Unintentional Support for DOL’s Conclusion of Small Adjustment Costs

The most remarkable empirical finding of these two survey-based studies is inadvertent: fully 40 percent of respondent companies report that they already extend minimum wage and overtime to home care workers! Why? Because the companies are located in states that require them to do so or because they voluntarily elect to meet these basic standards. It’s hard to imagine stronger evidence in support of the DOL’s conclusion that the economic impact on the home care industry of the proposed revisions to the companionship services exemption is likely to be small. If providing these labor protections is so cost-prohibitive to the industry, how do these businesses continue to operate and even thrive?


The third industry-sponsored study, Estimating the Economic Impact of Repealing the FLSA Companion Care Exemption, paid for by the same private-duty associations that financed the first survey, was conducted by two economists at Navigant Economics who are complete newcomers to the field of home care labor market analysis. The study does little more than reiterate limitations in the available data used by DOL to assess the costs of narrowing the companionship exemption. The analysis asserts that the costs would be “substantial” but it does not provide an estimate of the costs.

The study’s most self-promoted achievement is an estimation — which they claim to be superior to that of DOL’s — of the decrease in demand for “companion care labor” caused by an increase in wages, known in economic theory as the “elasticity of demand.” The Navigant report overemphasizes the role of this elasticity in assessing the impact of proposed regulations and fails to acknowledge that the costs of the regulatory change will be driven more by how those agencies not already extending overtime protections to their aides respond to new payment requirements. As DOL notes, “those employers who adjust schedules and redistribute hours can be expected to decrease overtime costs significantly” (NPRM, p. 100).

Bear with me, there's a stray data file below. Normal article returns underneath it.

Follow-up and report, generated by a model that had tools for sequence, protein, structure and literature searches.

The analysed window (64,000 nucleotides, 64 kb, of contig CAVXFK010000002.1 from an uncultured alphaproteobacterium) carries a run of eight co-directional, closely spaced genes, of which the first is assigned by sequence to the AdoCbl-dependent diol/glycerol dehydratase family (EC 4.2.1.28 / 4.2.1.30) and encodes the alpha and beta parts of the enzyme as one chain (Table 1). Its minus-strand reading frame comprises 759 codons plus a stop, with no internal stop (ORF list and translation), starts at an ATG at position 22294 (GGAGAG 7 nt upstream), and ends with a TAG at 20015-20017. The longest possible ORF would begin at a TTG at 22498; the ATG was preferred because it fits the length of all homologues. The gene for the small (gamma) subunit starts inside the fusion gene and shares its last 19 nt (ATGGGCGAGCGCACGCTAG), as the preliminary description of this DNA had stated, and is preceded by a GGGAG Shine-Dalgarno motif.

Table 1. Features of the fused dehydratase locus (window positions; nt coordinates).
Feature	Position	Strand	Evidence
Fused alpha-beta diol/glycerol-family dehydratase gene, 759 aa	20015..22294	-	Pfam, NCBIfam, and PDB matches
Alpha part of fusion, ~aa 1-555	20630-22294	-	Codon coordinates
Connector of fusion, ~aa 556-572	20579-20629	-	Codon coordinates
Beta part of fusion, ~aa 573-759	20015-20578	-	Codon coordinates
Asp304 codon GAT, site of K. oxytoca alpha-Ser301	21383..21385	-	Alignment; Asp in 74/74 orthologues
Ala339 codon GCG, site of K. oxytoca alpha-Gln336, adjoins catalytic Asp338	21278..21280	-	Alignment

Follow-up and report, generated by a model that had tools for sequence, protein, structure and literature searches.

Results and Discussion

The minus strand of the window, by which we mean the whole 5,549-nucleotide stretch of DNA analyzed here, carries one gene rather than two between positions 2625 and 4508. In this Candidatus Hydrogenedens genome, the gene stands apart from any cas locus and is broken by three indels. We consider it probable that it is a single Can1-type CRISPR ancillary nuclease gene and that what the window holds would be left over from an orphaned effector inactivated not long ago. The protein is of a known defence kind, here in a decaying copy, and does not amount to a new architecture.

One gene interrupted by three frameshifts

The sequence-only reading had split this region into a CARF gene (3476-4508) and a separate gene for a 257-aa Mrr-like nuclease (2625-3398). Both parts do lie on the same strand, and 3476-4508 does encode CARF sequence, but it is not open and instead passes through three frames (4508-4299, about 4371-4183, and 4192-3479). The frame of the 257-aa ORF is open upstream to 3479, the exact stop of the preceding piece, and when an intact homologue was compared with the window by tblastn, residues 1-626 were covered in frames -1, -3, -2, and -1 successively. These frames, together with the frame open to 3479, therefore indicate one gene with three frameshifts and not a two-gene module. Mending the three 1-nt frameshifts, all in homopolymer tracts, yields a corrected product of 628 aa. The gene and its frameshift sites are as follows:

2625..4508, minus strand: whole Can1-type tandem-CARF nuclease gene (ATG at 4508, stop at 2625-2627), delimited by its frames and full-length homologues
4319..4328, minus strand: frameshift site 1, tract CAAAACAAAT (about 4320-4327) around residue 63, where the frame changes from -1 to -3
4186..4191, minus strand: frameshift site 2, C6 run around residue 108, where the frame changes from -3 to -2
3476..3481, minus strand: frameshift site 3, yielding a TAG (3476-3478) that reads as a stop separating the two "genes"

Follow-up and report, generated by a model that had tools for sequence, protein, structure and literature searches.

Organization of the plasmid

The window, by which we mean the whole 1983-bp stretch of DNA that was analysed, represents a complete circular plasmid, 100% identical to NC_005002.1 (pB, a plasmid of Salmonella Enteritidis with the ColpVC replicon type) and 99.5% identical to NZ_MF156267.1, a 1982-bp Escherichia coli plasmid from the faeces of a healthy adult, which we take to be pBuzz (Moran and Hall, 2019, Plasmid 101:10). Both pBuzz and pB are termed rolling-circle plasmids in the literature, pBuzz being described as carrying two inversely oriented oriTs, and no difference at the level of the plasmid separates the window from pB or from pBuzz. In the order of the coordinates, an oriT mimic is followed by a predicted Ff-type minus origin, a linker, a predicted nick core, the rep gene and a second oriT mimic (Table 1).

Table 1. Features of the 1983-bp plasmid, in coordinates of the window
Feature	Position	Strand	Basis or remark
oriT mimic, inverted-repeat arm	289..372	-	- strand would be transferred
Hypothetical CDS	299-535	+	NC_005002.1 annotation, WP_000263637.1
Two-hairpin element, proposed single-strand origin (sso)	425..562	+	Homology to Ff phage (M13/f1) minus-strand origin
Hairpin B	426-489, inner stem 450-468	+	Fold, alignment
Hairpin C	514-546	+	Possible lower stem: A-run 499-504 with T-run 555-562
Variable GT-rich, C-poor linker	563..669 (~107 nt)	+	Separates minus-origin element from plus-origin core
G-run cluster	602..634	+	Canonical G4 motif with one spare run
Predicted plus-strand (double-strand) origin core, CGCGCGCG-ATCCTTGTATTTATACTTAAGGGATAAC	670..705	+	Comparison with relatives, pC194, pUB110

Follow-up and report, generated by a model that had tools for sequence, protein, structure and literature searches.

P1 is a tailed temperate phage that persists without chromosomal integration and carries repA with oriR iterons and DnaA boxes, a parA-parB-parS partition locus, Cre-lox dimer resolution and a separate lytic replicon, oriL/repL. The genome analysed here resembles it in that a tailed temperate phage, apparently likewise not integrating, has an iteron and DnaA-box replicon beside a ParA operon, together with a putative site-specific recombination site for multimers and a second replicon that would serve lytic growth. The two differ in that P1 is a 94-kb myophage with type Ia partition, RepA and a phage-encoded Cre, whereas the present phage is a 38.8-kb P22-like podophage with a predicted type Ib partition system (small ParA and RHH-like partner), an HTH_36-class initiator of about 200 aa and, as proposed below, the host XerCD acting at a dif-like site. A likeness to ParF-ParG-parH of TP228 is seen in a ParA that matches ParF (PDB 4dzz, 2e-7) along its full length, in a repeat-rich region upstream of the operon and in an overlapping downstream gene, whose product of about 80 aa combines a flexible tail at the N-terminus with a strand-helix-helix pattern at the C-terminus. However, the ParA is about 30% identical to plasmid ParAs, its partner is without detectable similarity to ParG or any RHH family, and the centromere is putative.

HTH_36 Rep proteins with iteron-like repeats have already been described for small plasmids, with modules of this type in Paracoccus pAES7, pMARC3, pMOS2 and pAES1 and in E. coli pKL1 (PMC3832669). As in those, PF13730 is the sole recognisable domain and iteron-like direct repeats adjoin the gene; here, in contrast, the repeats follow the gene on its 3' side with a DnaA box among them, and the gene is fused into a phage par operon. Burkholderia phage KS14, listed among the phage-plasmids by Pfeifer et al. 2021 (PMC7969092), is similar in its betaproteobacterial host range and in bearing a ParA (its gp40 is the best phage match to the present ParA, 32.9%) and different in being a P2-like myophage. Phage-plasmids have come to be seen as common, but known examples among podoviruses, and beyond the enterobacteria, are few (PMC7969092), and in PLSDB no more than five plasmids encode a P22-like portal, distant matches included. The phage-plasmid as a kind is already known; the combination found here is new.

Probably the most disturbing inference made in the Navigant study is that, since millions of employees, such as fisherman, movie theatre employees, and criminal investigators, are also exempt from minimum wage and overtime protection, continuing to exempt home care workers should not be such a big deal. This conclusion is clearly out of touch with the reality that home care occupations top the list of the country’s fastest-growing jobs and constitute one of the largest workforces ever produced by our economy.

Companionship Exemption Comment Period Extended through March 21

The U.S. Department of Labor (DOL) has extended the public comment period through March 21 on its proposed revisions to the companionship exemption. The revised rule would extend home care workers federal minimum wage and overtime protections under the Fair Labor Standards Act, if it becomes law.

To learn more about the companionship exemption, see sample comments, and make a comment on the official public comment website, visit the PHI Campaign for Fair Pay.


The Subcommittee on Workforce Protections of the U.S. House of Representatives’ Committee on Education and the Work Force is holding a hearing on the companionship exemption proposal on March 20 at 10:00 at the Rayburn House Office Building in Room 2175. There will be a live webcast of the hearing.